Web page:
One of the focus areas of the lab aims to increase our fundamental understanding of running to facilitate better running experience and performance.
Goal: To improve running performance with biomechanical interventions that reduce the metabolic cost of running.
Approach: Our recent work has provided valuable data and insights into how running shoe features affect running biomechanics and energetics, and how these lab-measured metabolic energy savings translate to improved running performance [1, 2, 3, 4]. Currently, we’re revisiting the effects of aerodynamic drag on running mechanics, energetics and performance. Next, to further our understanding of the links between running biomechanics, energetics and performance, we’ll focus on:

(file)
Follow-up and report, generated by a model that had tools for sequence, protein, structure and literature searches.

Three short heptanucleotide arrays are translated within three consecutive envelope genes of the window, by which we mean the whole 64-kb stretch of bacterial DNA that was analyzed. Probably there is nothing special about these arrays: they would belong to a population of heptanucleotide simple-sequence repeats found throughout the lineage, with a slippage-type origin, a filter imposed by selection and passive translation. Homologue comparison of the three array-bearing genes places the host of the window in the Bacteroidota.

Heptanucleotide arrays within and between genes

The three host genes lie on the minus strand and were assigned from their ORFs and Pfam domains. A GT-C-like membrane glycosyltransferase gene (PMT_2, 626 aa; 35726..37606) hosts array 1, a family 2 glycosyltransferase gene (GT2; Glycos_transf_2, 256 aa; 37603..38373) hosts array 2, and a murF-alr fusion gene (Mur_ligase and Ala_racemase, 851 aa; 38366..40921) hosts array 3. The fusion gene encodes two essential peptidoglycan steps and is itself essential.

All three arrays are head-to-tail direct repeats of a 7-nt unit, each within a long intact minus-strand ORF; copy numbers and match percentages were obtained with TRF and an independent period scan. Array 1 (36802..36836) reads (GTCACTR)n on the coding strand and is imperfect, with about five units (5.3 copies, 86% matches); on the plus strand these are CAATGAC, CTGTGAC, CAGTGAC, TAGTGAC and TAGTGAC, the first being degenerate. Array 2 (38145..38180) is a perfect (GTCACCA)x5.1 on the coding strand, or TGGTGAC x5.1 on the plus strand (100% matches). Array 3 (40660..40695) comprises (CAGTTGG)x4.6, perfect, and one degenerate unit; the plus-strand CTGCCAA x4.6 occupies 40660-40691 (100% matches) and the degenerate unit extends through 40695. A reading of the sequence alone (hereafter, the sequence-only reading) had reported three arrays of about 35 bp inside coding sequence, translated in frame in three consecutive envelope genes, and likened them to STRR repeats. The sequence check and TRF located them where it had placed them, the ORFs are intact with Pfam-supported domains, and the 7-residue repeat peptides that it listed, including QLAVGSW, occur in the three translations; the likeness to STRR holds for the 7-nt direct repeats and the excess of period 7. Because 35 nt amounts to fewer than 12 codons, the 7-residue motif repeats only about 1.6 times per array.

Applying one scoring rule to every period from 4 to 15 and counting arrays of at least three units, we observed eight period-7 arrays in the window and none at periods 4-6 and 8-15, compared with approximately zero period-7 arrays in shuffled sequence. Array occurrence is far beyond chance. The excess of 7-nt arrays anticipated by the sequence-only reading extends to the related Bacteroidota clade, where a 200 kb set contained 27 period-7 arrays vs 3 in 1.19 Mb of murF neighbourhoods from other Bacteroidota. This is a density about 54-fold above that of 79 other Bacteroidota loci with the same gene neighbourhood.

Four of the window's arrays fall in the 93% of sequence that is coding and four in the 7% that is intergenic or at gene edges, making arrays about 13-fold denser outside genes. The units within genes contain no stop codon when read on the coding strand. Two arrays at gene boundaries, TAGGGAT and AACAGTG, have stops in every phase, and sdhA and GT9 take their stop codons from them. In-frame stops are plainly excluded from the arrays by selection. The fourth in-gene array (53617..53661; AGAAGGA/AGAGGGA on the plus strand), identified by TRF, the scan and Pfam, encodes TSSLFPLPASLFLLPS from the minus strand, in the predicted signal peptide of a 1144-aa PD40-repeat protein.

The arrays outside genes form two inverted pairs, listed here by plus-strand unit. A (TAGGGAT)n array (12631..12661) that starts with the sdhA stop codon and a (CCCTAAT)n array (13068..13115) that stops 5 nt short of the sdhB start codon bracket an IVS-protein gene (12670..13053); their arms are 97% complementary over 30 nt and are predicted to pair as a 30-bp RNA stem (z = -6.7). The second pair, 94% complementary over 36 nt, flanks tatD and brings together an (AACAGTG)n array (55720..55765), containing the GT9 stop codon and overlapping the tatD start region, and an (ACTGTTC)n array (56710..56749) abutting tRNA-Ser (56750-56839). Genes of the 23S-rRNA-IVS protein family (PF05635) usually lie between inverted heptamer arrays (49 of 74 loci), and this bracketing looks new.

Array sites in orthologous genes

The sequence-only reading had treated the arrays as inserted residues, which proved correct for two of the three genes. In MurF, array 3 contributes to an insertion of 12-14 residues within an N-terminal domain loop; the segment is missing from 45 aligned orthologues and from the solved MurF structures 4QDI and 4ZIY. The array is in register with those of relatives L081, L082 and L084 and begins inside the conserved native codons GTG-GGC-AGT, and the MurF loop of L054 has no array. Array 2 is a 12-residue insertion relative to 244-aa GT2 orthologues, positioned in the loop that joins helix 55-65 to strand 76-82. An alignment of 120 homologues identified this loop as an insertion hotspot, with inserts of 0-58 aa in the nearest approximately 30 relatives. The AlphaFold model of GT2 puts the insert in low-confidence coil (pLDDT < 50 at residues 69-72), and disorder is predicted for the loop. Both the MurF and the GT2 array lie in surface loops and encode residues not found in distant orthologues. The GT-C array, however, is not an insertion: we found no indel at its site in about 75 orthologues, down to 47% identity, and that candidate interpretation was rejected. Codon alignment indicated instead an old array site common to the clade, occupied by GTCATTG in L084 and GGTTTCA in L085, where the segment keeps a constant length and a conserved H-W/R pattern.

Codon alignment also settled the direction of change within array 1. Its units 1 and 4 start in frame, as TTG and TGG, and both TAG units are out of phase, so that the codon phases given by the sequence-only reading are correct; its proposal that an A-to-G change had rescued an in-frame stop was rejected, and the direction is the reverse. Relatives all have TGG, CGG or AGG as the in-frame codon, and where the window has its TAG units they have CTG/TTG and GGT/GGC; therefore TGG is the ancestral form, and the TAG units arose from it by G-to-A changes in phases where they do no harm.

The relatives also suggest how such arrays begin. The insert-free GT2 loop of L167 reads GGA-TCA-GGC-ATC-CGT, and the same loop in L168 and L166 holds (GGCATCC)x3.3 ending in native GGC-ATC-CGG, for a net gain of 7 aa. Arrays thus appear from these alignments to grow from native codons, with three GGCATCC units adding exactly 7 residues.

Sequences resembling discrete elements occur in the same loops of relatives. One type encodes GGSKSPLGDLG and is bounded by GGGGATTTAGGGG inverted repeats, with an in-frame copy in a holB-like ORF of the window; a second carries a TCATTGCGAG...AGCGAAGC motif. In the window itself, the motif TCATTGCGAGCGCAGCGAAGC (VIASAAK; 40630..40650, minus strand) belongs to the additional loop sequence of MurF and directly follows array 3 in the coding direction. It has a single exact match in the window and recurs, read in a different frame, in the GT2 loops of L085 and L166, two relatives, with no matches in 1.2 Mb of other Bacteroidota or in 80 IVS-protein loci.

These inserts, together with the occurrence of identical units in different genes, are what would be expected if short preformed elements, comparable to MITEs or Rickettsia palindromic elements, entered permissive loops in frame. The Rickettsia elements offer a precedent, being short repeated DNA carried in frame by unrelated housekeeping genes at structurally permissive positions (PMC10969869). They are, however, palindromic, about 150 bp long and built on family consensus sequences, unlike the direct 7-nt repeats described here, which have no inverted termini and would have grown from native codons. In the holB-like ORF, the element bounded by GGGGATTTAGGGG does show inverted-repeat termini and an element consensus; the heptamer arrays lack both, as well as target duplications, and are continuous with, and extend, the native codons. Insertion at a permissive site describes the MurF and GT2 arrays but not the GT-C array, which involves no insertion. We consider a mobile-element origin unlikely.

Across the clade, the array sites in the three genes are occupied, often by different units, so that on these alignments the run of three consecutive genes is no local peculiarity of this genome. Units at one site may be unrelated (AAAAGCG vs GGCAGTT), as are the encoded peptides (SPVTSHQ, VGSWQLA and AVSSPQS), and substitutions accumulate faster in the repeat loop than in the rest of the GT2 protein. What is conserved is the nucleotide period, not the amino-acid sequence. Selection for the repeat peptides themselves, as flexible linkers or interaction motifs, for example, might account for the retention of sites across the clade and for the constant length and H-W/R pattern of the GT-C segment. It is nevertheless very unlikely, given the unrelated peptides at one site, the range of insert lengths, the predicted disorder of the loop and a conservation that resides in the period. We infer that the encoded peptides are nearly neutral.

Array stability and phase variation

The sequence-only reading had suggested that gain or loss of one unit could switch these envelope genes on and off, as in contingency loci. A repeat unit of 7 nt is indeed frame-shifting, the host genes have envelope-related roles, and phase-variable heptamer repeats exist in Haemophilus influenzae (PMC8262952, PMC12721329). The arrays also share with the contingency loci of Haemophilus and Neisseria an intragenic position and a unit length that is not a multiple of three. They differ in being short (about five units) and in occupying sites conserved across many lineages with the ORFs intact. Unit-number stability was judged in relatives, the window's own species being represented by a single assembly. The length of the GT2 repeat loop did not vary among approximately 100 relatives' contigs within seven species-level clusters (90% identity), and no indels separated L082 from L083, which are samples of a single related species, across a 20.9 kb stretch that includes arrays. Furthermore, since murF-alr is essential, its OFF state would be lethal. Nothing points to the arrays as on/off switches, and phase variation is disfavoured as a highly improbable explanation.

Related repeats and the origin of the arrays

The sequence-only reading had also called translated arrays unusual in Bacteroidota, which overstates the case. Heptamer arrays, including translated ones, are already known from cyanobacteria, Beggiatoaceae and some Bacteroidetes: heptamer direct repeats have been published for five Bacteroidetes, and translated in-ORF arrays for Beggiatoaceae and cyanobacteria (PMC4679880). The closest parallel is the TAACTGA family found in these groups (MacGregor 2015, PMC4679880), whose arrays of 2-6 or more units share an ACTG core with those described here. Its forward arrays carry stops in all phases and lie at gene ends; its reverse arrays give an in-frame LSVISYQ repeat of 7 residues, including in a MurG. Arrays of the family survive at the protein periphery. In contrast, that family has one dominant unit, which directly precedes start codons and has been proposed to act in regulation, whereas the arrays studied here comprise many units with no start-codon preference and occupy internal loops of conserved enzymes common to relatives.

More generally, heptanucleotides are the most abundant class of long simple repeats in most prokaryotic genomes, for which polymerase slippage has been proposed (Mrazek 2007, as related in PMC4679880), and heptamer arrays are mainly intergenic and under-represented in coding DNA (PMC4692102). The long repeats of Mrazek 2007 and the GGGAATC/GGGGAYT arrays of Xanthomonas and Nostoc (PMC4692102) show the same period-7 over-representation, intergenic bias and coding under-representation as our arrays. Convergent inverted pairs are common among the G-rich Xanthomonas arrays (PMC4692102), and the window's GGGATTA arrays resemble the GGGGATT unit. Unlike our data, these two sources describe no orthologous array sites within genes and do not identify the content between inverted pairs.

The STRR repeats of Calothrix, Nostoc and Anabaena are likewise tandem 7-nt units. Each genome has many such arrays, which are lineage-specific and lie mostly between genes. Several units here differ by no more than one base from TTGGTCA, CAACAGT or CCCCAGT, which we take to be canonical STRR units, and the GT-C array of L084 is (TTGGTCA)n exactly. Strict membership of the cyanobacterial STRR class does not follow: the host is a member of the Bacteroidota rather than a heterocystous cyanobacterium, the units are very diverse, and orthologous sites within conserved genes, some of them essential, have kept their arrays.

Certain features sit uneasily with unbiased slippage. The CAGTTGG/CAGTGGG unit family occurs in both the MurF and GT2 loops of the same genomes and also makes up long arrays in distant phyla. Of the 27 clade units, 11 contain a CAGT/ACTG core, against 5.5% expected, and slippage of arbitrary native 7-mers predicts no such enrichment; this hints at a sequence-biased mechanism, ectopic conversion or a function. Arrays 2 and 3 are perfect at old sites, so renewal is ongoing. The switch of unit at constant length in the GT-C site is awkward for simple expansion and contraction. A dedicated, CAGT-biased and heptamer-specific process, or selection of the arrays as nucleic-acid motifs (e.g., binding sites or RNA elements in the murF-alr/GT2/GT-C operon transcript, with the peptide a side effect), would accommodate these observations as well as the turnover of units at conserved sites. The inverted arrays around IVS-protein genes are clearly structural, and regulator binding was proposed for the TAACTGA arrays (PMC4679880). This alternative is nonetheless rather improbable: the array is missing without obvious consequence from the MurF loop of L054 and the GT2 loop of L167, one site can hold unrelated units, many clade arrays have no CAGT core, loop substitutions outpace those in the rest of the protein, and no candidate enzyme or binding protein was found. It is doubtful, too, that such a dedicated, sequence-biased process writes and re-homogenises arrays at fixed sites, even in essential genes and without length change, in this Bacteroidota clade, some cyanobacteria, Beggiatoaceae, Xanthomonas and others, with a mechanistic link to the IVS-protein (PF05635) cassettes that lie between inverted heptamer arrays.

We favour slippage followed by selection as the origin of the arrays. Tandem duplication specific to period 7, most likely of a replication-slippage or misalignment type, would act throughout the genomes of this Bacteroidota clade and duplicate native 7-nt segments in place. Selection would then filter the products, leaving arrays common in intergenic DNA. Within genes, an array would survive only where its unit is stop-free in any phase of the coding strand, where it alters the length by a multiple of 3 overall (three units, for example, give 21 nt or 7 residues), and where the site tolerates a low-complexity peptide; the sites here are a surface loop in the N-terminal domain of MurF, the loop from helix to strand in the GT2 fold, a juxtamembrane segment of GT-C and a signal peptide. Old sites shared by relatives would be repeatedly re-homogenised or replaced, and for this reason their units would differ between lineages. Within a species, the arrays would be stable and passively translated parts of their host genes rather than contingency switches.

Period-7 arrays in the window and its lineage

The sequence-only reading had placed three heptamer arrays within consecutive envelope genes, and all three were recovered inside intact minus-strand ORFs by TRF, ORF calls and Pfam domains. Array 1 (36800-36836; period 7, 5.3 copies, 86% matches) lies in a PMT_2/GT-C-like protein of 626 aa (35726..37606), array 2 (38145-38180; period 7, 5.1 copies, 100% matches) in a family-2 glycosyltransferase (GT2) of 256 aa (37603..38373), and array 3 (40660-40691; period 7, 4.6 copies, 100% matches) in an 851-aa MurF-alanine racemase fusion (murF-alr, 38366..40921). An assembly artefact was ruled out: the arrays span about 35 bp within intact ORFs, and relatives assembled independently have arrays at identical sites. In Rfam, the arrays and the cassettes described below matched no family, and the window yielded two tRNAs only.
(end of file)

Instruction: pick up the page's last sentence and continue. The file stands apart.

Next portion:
– validating our CFD results with runners in a wind tunnel
– experimentally evaluating the physiological consequences of fluctuations in metabolic cost due to alternately drafting and leading within a small team of runners
– exploring the interactions between surface/midsole compliance and resilience, running velocity and body mass on metabolic rate and joint loading, and how those interactions are mediated by cutaneous and proprioceptive feedback.
Opportunities: Undergraduate, M.S. and Ph.D. students with an interest in distance running performance, with a background in / an interest to learn about one or more of the following topics:
– joint mechanics, tibial stress, impact loading
– metabolic measurements, critical velocity, anaerobic capacity
– neuromechanics, muscle reflex activity, feedback / -forward control
– treadmill design, spring-mass-damper system dynamics
– aerodynamics, computational fluid dynamics simulations